Sorry - I totally missed the sarcasm. =) And though there are more "potential lines" for bugs, I also find that there are less bugs overall because the workings are more intuitive and easy to follow. That said, I have no problem with the LINQ examples either but people new to programming might not be able to really understand what's going on without this kind of breakout. –  Dracorat Nov 11 '11 at 14:34
I think we both agree... –  tsells Nov 11 '11 at 16:41

This will split the string into an array seperated by '.', then counts the number of 'a' char's in the first element of the array (the first sentence).

var count = Text.Split(new[] { '.', '!', '?', })[0].Count(c => c == 'a');

This example assumes a sentence is separated by a ., ? or !. If you have a decimal number in your string (e.g. 123.456), that will count as a sentence break. Breaking up a string into accurate sentences is a fairly complex exercise.

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I would include '!' and '?' as the split arguments but otherwise it's the most elegant way of doing this. –  Dmitry S. Nov 10 '11 at 22:00
Nice answer, include a case where text entered has no ".", for my upvote. –  Emmanuel N Nov 10 '11 at 22:00
Nice answer, shorter and easier than mine. +1 for you!! :) –  Marco Nov 10 '11 at 22:04
Calling String.Split on an empty String will return an array with an empty string at index 0. Calling String.Split on a string that doesn't match any of the split characters will return the whole String at index 0 in the array. Just tested with "abc" and "" as Text. –  DaveShaw Nov 10 '11 at 22:12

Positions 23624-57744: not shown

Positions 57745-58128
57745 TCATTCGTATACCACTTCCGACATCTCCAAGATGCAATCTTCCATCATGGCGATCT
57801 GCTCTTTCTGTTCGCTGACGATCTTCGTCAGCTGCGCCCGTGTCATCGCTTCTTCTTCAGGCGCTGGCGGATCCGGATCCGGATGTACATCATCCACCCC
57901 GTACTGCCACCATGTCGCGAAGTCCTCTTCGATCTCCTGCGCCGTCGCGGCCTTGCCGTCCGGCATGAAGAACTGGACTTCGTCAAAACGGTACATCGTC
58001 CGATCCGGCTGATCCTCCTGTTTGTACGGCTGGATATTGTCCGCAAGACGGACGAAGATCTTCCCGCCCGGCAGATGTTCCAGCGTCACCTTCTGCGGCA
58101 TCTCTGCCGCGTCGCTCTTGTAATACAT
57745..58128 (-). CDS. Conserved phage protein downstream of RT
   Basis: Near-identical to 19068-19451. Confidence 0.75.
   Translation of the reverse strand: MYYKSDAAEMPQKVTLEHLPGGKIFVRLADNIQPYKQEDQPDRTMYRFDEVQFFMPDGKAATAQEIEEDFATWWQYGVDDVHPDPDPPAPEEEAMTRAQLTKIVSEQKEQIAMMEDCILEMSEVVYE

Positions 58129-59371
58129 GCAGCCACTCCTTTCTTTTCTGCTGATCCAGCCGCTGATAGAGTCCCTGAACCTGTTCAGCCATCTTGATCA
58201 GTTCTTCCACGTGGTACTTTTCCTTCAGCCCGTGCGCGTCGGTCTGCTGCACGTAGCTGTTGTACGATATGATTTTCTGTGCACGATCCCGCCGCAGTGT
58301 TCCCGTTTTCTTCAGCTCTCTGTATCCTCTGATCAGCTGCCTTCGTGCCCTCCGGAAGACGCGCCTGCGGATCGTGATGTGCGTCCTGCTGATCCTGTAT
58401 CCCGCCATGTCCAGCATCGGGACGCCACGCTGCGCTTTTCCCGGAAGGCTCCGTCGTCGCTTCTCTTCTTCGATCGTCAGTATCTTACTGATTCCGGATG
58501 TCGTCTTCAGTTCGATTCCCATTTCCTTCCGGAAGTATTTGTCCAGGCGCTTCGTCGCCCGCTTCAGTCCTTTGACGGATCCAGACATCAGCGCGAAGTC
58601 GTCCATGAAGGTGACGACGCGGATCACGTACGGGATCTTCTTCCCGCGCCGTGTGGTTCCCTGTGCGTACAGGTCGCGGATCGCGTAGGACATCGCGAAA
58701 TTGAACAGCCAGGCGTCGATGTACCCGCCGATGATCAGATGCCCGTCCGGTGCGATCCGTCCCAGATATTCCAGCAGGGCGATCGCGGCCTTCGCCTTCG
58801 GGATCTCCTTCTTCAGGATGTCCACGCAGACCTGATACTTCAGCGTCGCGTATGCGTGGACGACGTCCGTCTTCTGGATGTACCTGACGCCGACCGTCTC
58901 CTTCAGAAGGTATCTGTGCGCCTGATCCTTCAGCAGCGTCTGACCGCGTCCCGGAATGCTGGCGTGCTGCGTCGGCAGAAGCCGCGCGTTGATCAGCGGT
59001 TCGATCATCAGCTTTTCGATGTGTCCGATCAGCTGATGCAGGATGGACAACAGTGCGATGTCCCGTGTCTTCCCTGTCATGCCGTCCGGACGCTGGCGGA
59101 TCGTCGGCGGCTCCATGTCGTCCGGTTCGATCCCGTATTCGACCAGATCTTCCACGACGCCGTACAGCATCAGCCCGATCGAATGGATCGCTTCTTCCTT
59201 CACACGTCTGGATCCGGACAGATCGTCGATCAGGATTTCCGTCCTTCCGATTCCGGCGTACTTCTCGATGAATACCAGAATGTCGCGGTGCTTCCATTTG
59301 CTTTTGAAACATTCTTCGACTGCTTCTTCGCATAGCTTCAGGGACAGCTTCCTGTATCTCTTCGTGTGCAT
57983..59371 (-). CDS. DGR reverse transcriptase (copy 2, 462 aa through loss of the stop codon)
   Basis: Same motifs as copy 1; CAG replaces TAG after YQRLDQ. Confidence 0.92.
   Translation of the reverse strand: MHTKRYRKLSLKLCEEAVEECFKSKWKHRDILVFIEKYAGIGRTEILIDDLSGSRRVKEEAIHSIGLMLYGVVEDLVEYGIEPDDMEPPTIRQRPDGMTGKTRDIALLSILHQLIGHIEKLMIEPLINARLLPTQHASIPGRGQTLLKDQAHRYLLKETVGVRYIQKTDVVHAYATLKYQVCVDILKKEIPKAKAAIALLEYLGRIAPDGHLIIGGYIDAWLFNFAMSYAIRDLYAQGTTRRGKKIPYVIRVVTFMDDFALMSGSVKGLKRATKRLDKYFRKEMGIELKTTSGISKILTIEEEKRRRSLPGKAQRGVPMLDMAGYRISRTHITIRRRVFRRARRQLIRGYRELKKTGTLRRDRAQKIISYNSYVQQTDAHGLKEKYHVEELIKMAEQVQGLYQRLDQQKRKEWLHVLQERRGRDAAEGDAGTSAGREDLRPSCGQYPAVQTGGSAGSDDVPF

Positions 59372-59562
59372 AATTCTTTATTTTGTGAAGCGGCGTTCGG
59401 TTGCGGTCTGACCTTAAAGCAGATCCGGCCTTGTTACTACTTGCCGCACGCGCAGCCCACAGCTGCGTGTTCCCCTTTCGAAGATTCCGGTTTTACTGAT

yeah, it was homeworks one part. i shall tag similar questions as homework at another time :). I'm new there, and in programming too. –  samuraisxmali Nov 10 '11 at 22:25

You didn't define "sentence", but if we assume it's always terminated by a period (.), just add this inside the loop:

if (a == '.') {

Expand from this to support other sentence delimiters.

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Yeah, you do need to define sentence. Beware of sentences like "One day, Mr. Barnes went to the store." –  McKay Nov 10 '11 at 21:57
i thought so many about it and knew it was very easy. thanks man, it works. –  samuraisxmali Nov 10 '11 at 22:01

Simply "break" the foreach(...) loop when you encounter a "." (period)

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thank you too for answer. –  samuraisxmali Nov 10 '11 at 22:03

Well, assuming you define a sentence as being ended with a '.''

Use String.IndexOf() to find the position of the first '.'. After that, searchin a SubString instead of the entire string.

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  1. find the place of the '.' in the text ( you can use split )
  2. count the 'a' in the text from the place 0 to instance of the '.'
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       string SentenceToCheck = "Hi, I can wonder this situation where I can do best";

      //Here I am giving several way to find this
        //Using Regular Experession

        int HowMany = Regex.Split(SentenceToCheck, "a", RegexOptions.IgnoreCase).Length - 1;
        int i = Regex.Matches(SentenceToCheck, "a").Count;
        // Simple way

        int Count = SentenceToCheck.Length - SentenceToCheck.Replace("a", "").Length;


        var _lamdaCount = SentenceToCheck.ToCharArray().Where(t => t.ToString() != string.Empty)
            .Select(t => t.ToString().ToUpper().Equals("A")).Count();

       var _linqAIEnumareable = from _char in SentenceToCheck.ToCharArray()
                                 where !String.IsNullOrEmpty(_char.ToString())
                                 && _char.ToString().ToUpper().Equals("A")
                                 select _char;

        int a =linqAIEnumareable.Count;

        var _linqCount = from g in SentenceToCheck.ToCharArray()
                         where g.ToString().Equals("a")
                         select g;
        int a = _linqCount.Count();